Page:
This should be a sobering thought for all of us. The logic of the ends justifying the means is not limited to the radical left. Given the fact that the basic principle of forcing people to do X because Y is desirable is widely put into practise in our political system I believe that we run the real risk of brining in an ideology that looks very similar to communism. That will bring equally devastating results. As long as only a tiny few are willing to stand up for the rights of individuals to do as they wish and rely on the beauty of socioeconomic networks as agents of progress rather than resorting to  the blunt force of legislation than I see no ideological barrier to retreating back into authoritarianism.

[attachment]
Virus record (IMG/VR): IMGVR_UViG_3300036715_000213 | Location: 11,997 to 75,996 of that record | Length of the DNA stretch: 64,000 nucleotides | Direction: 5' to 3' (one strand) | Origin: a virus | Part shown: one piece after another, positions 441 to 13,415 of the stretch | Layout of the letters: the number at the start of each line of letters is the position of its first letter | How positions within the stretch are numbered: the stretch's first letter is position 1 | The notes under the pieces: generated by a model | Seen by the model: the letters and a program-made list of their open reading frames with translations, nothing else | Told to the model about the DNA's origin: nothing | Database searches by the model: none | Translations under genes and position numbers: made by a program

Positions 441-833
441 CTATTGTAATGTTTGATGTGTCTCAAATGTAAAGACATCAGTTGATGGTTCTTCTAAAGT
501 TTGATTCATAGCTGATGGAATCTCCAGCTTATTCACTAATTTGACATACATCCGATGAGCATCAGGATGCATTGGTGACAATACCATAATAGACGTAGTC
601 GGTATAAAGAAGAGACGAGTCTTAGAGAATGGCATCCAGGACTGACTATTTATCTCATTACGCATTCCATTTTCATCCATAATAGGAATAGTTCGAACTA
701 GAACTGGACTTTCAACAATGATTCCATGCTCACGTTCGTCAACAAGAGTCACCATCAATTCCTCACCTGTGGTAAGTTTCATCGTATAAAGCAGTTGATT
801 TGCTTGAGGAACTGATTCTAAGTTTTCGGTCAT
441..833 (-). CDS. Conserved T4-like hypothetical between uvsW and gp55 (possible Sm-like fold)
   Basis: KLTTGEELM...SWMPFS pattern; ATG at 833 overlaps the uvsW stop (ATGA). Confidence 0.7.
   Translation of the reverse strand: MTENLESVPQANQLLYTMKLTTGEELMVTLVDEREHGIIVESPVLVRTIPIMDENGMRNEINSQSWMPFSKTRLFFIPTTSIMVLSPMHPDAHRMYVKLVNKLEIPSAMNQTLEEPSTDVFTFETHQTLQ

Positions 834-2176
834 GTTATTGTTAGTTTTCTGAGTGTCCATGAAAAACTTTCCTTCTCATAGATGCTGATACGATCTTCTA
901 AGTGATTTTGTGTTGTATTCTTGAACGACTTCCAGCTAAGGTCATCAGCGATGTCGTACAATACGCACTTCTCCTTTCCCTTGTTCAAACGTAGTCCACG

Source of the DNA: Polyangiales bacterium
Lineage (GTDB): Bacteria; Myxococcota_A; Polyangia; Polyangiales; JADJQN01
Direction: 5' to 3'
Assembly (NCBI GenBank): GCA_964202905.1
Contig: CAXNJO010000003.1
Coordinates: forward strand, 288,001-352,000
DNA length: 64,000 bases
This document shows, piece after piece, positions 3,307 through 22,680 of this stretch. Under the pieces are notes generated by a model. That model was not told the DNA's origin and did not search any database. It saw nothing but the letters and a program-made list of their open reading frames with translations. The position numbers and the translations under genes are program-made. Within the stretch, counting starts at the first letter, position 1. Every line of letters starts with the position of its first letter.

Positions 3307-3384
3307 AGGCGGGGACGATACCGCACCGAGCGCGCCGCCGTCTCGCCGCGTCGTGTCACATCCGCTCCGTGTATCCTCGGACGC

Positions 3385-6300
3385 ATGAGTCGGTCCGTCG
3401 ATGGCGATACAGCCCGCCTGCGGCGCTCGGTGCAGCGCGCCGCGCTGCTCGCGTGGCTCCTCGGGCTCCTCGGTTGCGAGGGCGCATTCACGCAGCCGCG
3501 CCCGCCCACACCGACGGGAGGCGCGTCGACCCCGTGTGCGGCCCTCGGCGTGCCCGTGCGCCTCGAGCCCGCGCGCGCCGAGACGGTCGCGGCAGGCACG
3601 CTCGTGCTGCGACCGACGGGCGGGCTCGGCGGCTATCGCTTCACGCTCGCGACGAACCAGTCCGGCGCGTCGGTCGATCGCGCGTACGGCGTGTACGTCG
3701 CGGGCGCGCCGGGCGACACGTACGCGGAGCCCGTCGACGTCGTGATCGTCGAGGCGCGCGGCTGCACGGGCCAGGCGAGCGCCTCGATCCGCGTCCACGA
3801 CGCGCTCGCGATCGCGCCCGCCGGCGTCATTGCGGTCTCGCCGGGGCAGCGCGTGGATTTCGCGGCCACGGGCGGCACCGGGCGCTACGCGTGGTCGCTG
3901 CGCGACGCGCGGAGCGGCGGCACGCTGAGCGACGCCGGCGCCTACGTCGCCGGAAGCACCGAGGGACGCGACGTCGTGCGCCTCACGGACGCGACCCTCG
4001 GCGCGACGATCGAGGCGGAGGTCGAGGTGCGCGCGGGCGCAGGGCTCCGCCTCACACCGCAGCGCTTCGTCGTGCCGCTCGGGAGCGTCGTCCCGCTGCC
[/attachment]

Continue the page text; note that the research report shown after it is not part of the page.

Aren’t Right Wing People Just A Bunch Of Racists?

There was a particularly interesting documentary on Radio 4 this week (link below) about why so few ethnic minority voters are happy to vote Tory called ‘Operation Black Vote’. According to this program, in the last general election the Conservatives received a smaller portion of the ethnic minority vote than Donald Trump did during the 2016 presidential election.

There were some similarly alarming facts all the way through the program:

  • Once an area becomes more then 30% non-white. It becomes essentially impossible for the Tories to win that seat.
  • 70%-80% of the non-white vote goes to the Labour party
  • Being perceived as ‘anti-immigrant’ has a massive knock on effect on the amount of young voters a party attracts.